In Their Shoes
Caring for tiny patients and their families in Texas Children’s Hospital’s neurosurgery unit is something Laura Soto says she’s not quite ready to give up. A graduate of San Jacinto College’s CNA (certified nursing assistant), LVN (licensed vocational nursing) and LVN/ Paramedic transition to ADN (associate degree nursing) programs, Soto’s foundation in nursing led her to discovering her ultimate passion - teaching nurses.
“Teaching is a great middle ground for nurses,” she said. “You’re still helping people, just in a different way. There’s a lot of psychosocial and emotional components you have to incorporate in order to provide the best care for your patient. Bedside nursing is such an integral function of successful patient care, and that’s something I emphasize to my students in the classroom and in their clinicals.”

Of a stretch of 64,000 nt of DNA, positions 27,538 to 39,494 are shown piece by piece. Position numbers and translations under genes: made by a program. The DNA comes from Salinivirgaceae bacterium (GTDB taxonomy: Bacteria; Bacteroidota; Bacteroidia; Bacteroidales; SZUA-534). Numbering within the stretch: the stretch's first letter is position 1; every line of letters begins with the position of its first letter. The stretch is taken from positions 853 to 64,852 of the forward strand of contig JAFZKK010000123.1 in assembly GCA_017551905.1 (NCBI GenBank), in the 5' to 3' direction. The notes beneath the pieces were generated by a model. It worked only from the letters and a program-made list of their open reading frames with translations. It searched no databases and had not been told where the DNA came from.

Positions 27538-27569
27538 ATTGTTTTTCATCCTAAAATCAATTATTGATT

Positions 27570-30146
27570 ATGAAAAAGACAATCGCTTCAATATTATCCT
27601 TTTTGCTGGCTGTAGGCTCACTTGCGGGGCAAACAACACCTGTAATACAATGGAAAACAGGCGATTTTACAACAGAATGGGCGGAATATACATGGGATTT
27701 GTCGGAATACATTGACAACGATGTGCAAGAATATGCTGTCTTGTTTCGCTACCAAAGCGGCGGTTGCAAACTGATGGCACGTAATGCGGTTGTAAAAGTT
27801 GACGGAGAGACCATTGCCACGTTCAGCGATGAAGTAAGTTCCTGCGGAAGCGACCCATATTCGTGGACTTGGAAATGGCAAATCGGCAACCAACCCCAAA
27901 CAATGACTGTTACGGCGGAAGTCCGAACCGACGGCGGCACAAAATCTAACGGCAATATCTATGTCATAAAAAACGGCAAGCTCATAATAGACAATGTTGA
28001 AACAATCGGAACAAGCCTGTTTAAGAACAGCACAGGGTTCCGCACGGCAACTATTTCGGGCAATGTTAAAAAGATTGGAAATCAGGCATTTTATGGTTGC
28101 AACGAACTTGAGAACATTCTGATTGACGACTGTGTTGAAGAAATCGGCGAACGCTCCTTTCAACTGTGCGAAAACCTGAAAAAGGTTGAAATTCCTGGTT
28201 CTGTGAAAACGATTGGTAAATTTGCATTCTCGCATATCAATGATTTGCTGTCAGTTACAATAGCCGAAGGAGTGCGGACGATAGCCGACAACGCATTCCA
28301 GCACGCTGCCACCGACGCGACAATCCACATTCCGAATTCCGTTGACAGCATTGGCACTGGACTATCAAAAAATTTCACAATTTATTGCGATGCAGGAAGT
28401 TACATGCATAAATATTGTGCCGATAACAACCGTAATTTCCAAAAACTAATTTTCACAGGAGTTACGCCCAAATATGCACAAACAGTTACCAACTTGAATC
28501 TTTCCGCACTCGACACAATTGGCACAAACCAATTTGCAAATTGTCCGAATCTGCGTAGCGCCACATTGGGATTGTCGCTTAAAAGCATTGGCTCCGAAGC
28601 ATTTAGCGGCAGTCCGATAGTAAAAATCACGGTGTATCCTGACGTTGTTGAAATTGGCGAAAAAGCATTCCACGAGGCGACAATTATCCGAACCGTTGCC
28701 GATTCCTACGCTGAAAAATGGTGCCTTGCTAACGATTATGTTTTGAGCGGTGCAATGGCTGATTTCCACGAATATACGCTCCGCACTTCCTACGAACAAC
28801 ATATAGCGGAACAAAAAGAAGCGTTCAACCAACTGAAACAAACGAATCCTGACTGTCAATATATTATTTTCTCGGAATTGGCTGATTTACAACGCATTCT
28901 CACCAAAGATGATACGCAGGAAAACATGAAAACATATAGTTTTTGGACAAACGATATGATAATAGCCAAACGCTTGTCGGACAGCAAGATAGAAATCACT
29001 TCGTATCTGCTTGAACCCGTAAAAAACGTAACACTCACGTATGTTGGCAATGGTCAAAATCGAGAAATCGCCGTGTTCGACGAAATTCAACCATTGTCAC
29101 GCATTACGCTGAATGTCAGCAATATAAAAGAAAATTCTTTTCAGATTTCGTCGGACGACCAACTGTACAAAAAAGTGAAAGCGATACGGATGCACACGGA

Having stood in the same shoes as her ADN students, Soto uses that to her advantage. “I have more insight on what they’re meant to get out of this program, so I make sure they’re getting the most out of their educational investment.”
As a practicing pediatric neurology nurse, Soto added that being aware of the city’s rich diversity also serves as a great training ground for nurses. “Since Houston is one of the most diverse cities in the country, chances are your patients will come from many different cultures. You have to be willing to respect and adapt to that. There’s something new and interesting to learn every day.”
Emily Choate and Amber Tyler demonstrate that women can excel in the male-dominated welding industry. The education and career paths of the two are remarkably similar.
Both earned welding associate degrees from San Jacinto College and now work as full-time welding instructors for the College. They both had successful welding careers before returning to their alma mater to teach. The “dynamic duo” of San Jac Certified graduates describe the benefits they find the most rewarding.
“To me, welding is like going to the gym,” said Choate. “Yes, it is work, but when you get done, you feel good about what you accomplished.”
Tyler says women have certain traits that can help them to excel as welders. “Women are good at communication, have a lot of patience, and tend to have an eye for detail,” she said. “Those qualities are important for anyone who wants to consistently make quality welds.”